lonely Dan Janzen

Richard Pyle deepreef at BISHOPMUSEUM.ORG
Wed Mar 24 10:35:21 CST 2004


Thanks, Dan, for that excellent commentary!  The following excerpt resonated
particularly well with me:

> Yes, I as a user care hugely about species-level
> names as stable unique identifiers (and other-level names as
> identifiers for their group).  But, in the same breath let me say
> that many - and I dare say some day nearly all - users also make very
> extensive use of the marvelous inferencial (=predictive) power of the
> phylogenetic components of your classification systems.    You are
> all aware that the more phylogenetically-based your system(s), the
> more inferentially powerful it is for us users.  Terrific.  The
> opposing force is the nomenclatorial instability introduced by the
> continually shifting (and growing) knowledge base.

I have always maintained that the value of Linnaean-based nomenclature
(quarter-millennium legacy), and the value of objective attempts to infer
evolutionary lineages (the inferential/predictive power of which you speak),
are both extremely important aspects of our goal of understanding
biodiversity; and your words above, in my view, capture perfectly the
essence of what is behind the ongoing debate between cladisticians and
traditional nomenclaturalists.

But here is where I depart a bit:

> Whatever we use,
> it will always be a sort of fuzzy compromise between these two
> forces.

I certainly agree that right now, and over the past few decades (maybe even
stretching all the way back to Darwin), there has been an increasingly fuzzy
compromise to force-fit information about inferred phylogenetic affinities
into the Linnaean nomenclatural system.  During much of this time, the
process of inferring evolutionary relationships was a tedious one, requiring
years or decades of very careful study and interpretation.  Hence, changes
in interpreted relationships came at a tortoise-like pace that did not
appear to pose meaningful threat to nomenclatural stability.  But now the
information is pouring in, and the pace of re-interpretation has quickened
to the point where nomenclatural instability has become prevalent enough
that the value of the naming system itself is diminished. I see it as
understandable, but unfortunate, that the Linnaean system of nomenclature
has been co-opted as a tool to communicate precise and strict
interpretations of phylogenetic affinities. The PhyloCode folks figured this
out (that the Linnaean system was suboptimal for communicating inferred
phylogenies) a while back, and tried to do something about it.  For reasons
of Politics, Personalities, or Practicality, that effort seems to have
ruffled too many feathers to have a chance of attaining widespread adoption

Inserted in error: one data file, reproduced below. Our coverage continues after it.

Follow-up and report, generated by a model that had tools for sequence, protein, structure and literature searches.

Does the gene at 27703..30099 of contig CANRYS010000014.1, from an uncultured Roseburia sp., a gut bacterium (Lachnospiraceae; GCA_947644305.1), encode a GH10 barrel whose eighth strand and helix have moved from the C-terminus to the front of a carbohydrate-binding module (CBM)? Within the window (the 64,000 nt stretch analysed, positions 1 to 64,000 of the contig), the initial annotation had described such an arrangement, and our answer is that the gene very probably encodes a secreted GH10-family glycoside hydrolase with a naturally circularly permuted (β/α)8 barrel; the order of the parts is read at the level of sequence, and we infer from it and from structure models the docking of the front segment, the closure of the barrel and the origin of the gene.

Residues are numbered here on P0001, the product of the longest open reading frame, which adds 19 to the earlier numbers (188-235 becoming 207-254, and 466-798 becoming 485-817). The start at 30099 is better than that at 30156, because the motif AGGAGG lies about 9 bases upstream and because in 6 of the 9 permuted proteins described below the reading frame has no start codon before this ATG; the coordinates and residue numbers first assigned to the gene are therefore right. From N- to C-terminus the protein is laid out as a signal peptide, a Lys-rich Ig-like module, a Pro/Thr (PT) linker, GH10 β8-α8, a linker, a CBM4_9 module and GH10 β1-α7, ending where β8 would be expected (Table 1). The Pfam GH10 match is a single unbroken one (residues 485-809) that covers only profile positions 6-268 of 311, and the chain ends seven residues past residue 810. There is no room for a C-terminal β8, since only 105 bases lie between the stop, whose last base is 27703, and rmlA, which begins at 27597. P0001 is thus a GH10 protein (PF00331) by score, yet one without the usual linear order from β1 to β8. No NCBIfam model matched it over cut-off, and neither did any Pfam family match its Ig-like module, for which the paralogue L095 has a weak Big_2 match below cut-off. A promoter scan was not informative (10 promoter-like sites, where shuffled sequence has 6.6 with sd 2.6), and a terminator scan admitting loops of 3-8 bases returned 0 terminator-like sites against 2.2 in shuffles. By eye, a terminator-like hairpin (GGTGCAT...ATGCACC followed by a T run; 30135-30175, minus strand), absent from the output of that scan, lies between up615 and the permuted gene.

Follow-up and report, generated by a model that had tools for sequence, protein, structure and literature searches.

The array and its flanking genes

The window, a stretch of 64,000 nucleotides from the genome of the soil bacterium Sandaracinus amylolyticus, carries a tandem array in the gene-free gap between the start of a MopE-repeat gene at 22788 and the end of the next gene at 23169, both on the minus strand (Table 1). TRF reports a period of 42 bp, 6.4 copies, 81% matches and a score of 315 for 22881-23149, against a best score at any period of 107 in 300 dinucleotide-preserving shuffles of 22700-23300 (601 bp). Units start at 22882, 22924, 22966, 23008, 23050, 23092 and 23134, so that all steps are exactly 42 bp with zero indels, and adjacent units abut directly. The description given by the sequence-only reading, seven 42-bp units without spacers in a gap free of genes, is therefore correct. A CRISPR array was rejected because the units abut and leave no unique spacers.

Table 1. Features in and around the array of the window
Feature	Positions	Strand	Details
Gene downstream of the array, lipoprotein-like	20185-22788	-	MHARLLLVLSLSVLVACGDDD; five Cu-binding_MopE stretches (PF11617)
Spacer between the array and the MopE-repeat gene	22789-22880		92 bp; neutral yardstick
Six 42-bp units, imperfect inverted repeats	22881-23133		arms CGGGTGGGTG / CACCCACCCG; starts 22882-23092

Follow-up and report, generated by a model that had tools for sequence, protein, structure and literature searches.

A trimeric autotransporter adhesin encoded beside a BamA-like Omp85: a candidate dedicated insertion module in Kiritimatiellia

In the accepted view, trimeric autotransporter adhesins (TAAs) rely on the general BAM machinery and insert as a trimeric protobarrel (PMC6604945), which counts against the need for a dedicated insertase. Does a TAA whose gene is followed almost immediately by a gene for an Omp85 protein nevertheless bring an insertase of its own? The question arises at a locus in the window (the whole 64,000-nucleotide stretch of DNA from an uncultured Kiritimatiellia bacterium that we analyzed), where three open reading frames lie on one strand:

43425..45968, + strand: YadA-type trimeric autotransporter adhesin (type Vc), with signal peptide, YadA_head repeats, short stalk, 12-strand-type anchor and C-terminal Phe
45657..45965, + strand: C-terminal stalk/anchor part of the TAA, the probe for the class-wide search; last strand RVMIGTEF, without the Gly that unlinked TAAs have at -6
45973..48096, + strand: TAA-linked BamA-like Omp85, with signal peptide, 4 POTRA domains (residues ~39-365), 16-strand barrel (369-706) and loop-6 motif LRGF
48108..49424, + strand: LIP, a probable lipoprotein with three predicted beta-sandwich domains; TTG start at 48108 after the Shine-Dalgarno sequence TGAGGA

anytime soon. Maybe the PhyloCode framers will morph it to the point where
more practitioners will adopt it; or perhaps someone will eventually come up
with a more "palatable" alternative.

All of this notwithstanding, my quibble with Dan's comment above is with the
word "always".  I do not believe that the fuzzy compromise will perpetuate
indefinitely.  The writing is already on the wall.  Speaking as a
morphological taxonomist who has never run a gel in his life, it is
extraordinarily obvious to me that the best INFORMATION that can help us
reconstruct phylogenies (absent a highly detailed fossil record) is buried
within the genome.  This is really a no-brainer.  Before I am pummeled by my
fellow morphologists, however, let me quickly underscore that we are still
technologically (and intellectually) a long way from being able to EXTRACT
and INTERPRET this genomic information with a high degree of consistency and
reliability (not to mention practicality).  Recent research showing
different phylogenetic interpretations when looking at different regions of
the genome exemplify the problem.  But the point is, I believe that the day
will come -- very likely within my own professional lifetime -- that we will
have the technology and intellectual fortitude to convincingly extract and
interpret phylogenetic information from the genome.  And when that day
comes, the era of the "fuzzy compromise" will begin to draw to a close.

In the mean time, we should look for ways to dowse the flames of the
"cladistic wars" over the use of nomenclature as a tool for the strict
representation of phylogenies inferred from the latest lump of data.  For
one thing, journals & their reviewers should NOT reject manuscripts that
describe new names for taxa (at least at the genus and species levels)
simply because the authors chose not to go through the motions of structured
phylogenetic interpretations. (Lord knows we don't need any more impediments
to cataloging biodiversity...)  Users of cladistic methodology should also
recognize the tentative nature of their conclusions (in the majority of
cases, at least), and wield the nomenclatural sword only with great care and
humility. As for those of us on the "stability of nomenclature" side of the
fence, we need to stop disregarding "those damned cladists" outright as
naive and misguided souls who are missing the broader picture.  Their
contributions to science are valuable at least as often as our own (probably
more so), and they are paving the way to the inevitable (and ultimately
preferable) future.

Egad! What have I done here?  I'd better shut-up before I sink even deeper
into this quicksand...

Aloha,
Rich

=======================================================
Richard L. Pyle, PhD
Ichthyology, Bishop Museum
1525 Bernice St., Honolulu, HI 96817
Ph: (808)848-4115, Fax: (808)847-8252
email: deepreef at bishopmuseum.org
http://www.bishopmuseum.org/bishop/HBS/pylerichard.html




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